$23.6B in punitives awarded to smoker's widow; tobacco lawyer says 'runaway verdict' won't stand
Jurors in Florida awarded $23.6 billion in punitive damages on Friday to a Pensacola widow whose chain-smoking husband died of lung cancer.
Lawyers representing the widow, Cynthia Robinson, had argued that defendant R. J. Reynolds had deliberately concealed the health hazards of smoking. Robinson’s husband, Michael Johnson Sr., had favored Kool cigarettes. He began smoking around the age of 13. The New York Times, Law.com, the Wall Street Journal (sub. req.) and the Pensacola News Journal covered the verdict.
Jurors also awarded $16 million in compensatory damages.
The lead lawyer for Robinson was Willie Gary. Law.com says the plaintiffs lawyer is “known for his extravagant style and his private Boeing 737, ‘Wings of Justice II.’ ”
R. J. Reynolds was represented by Womble Carlyle Sandridge & Rice. RJR vice president and assistant general counsel J. Jeffery Raborn said in a statement that the verdict “goes far beyond the realm of reasonableness and fairness and is completely inconsistent with the evidence presented. We plan to file post-trial motions with the trial court promptly and are confident that the court will follow the law and not allow this runaway verdict to stand.”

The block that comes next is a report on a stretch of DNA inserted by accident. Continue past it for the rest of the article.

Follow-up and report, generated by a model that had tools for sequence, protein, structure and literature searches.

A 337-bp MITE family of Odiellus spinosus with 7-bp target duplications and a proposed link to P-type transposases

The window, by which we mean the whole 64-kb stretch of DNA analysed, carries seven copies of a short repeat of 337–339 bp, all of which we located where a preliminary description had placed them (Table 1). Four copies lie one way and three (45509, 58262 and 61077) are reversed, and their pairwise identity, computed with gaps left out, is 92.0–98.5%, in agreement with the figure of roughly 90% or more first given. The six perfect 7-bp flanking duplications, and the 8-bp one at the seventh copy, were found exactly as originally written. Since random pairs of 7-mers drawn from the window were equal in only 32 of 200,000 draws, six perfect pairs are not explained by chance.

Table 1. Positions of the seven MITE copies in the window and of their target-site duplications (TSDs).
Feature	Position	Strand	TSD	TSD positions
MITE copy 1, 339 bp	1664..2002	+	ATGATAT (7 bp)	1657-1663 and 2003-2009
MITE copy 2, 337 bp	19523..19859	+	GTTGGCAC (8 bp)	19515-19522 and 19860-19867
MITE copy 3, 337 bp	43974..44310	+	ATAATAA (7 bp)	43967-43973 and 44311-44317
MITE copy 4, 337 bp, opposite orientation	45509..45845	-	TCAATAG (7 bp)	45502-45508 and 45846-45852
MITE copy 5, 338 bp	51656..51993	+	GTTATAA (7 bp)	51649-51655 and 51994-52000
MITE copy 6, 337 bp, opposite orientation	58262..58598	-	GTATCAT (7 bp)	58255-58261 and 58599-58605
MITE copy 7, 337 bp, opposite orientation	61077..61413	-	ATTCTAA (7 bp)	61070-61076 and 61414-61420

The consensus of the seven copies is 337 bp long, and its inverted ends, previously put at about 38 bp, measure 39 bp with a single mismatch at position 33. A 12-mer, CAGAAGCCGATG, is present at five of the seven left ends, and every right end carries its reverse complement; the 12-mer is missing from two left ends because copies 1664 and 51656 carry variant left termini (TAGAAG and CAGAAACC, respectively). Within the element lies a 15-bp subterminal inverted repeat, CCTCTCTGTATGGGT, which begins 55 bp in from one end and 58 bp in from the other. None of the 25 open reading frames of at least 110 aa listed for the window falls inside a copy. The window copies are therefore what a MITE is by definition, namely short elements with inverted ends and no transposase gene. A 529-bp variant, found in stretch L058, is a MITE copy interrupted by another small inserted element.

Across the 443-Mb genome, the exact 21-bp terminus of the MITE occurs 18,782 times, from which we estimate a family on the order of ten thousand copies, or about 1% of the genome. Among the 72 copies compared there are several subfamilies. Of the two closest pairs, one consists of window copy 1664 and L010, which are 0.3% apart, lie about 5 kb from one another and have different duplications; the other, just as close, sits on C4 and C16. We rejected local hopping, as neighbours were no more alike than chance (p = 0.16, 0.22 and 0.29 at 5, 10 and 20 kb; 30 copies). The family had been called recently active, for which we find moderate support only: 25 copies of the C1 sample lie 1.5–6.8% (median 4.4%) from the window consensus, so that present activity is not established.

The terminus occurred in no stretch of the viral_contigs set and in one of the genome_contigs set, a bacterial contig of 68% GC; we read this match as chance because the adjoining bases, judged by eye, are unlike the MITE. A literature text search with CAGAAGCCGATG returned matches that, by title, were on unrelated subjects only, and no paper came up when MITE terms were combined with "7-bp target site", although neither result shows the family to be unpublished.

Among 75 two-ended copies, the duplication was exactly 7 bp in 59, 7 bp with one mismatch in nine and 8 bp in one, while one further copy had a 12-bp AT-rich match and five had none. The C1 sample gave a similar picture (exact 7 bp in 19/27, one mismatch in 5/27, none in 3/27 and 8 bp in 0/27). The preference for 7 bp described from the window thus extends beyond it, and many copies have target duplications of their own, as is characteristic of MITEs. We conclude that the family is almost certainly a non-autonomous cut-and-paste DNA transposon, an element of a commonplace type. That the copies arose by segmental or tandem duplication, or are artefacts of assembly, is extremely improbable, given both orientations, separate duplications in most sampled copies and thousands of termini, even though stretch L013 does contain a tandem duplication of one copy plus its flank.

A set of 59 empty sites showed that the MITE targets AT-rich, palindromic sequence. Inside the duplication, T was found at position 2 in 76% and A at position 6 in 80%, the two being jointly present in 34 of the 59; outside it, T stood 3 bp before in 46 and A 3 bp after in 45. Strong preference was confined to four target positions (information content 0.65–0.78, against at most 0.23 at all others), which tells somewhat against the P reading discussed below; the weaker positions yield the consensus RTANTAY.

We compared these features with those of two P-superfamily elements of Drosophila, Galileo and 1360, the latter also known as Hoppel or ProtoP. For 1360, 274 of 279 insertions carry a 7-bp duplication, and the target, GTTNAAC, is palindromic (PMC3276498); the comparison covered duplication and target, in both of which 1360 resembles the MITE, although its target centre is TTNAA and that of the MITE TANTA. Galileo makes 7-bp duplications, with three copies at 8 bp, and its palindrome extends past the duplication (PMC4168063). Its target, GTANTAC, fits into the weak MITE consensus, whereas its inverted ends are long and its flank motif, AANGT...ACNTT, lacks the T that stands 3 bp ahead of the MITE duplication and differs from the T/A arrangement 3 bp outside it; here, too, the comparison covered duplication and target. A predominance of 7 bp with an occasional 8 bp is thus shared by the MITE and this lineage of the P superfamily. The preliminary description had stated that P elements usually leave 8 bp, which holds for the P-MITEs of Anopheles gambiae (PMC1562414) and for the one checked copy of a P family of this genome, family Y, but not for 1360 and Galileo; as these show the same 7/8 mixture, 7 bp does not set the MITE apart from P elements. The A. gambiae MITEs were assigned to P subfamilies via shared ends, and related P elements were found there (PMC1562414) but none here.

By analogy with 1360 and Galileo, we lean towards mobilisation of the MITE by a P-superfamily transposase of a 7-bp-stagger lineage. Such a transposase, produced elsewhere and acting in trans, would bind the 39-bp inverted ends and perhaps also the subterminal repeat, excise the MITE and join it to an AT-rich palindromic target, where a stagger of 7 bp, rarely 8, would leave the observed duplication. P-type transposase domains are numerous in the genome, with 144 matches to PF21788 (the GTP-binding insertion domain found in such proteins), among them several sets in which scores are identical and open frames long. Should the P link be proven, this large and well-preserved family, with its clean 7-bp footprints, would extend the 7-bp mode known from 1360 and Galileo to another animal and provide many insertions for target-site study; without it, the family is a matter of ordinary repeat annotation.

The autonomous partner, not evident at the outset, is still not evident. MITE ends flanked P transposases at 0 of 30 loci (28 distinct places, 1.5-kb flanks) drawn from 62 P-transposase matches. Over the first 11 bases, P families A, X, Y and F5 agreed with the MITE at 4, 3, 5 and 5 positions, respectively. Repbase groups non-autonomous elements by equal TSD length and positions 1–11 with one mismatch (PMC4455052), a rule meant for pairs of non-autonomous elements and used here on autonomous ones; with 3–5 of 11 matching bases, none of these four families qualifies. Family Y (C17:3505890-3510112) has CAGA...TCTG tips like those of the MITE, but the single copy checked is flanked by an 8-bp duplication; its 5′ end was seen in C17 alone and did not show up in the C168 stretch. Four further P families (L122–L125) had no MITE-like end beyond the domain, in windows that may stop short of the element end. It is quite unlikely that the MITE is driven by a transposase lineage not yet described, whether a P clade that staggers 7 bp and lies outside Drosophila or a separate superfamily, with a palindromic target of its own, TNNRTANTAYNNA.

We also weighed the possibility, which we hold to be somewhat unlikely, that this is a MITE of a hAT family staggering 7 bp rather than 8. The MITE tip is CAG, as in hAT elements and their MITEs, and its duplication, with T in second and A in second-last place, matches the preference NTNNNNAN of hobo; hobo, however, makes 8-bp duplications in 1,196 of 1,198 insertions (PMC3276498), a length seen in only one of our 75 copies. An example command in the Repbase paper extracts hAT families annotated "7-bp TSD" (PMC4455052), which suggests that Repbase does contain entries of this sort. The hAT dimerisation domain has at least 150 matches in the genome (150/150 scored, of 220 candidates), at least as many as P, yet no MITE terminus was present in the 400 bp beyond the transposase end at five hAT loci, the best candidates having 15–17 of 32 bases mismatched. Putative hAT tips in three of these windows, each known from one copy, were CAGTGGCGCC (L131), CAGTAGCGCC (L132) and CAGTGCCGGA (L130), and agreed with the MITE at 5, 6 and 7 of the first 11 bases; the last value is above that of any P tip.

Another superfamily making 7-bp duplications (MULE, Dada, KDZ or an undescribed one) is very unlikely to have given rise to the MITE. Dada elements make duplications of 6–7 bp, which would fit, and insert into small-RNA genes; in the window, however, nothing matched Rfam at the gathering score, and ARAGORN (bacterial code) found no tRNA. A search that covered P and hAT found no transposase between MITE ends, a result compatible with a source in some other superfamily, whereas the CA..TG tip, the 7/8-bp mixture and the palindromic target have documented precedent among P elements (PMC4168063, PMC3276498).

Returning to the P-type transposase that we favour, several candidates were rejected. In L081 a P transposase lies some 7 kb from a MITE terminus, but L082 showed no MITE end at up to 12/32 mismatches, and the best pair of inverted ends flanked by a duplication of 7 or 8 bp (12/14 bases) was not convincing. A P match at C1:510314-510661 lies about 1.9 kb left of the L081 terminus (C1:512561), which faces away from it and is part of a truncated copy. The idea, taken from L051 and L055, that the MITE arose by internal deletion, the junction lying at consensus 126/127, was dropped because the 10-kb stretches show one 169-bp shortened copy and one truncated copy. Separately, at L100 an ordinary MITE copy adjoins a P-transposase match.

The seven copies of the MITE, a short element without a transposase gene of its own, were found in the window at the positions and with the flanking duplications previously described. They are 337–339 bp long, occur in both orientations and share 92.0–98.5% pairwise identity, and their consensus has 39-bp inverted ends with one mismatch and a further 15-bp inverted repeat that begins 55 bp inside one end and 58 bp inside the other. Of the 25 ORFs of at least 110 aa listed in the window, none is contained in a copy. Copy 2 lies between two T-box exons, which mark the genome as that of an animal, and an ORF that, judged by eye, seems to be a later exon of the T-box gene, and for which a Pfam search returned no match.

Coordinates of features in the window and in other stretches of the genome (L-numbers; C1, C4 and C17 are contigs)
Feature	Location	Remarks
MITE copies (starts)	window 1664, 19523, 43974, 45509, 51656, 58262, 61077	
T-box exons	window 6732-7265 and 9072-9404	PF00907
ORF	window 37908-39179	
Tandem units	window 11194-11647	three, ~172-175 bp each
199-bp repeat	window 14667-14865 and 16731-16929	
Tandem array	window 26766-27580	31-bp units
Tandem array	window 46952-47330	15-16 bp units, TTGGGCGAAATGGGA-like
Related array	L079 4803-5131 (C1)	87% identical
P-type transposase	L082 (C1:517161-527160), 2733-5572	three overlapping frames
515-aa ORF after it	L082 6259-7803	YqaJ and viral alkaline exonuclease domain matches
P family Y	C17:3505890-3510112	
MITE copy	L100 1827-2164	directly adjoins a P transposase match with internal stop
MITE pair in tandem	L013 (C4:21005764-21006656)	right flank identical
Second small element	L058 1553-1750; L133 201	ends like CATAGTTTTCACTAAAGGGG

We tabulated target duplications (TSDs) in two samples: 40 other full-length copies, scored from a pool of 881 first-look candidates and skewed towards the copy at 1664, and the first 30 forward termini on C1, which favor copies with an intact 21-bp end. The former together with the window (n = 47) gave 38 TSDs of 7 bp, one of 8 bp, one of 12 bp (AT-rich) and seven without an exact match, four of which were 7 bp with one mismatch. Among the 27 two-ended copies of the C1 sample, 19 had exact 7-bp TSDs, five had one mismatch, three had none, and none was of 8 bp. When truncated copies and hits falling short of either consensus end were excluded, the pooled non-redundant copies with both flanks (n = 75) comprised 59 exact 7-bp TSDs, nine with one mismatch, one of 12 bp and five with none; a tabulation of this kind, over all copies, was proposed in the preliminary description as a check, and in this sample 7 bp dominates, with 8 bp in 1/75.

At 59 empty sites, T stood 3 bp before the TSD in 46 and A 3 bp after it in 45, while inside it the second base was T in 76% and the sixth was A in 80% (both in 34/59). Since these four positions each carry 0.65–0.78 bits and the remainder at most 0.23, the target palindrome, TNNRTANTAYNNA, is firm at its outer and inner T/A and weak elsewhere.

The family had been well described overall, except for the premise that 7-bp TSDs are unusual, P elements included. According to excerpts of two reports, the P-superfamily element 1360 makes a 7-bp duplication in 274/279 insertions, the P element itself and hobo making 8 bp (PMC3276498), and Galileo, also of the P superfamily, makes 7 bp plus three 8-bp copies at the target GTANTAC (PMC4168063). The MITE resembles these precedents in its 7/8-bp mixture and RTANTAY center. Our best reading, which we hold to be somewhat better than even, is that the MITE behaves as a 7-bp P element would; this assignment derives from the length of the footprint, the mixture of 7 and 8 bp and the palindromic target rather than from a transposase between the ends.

The New York Times notes that large verdicts against tobacco companies are often downsized on appeal. A $28 billion punitive damages verdict against Philip Morris USA was reduced to $28 million on appeal in 2011, the story says.
Robinson’s case was initially part of a class action that produced a $145 billion judgment. The Florida Supreme Court ruled in 2006 in Engle v. Liggett Group that the case was not properly certified as a class action, but individual plaintiffs could sue. Since then Florida plaintiffs have filed more than 2,000 lawsuits, the Wall Street Journal says.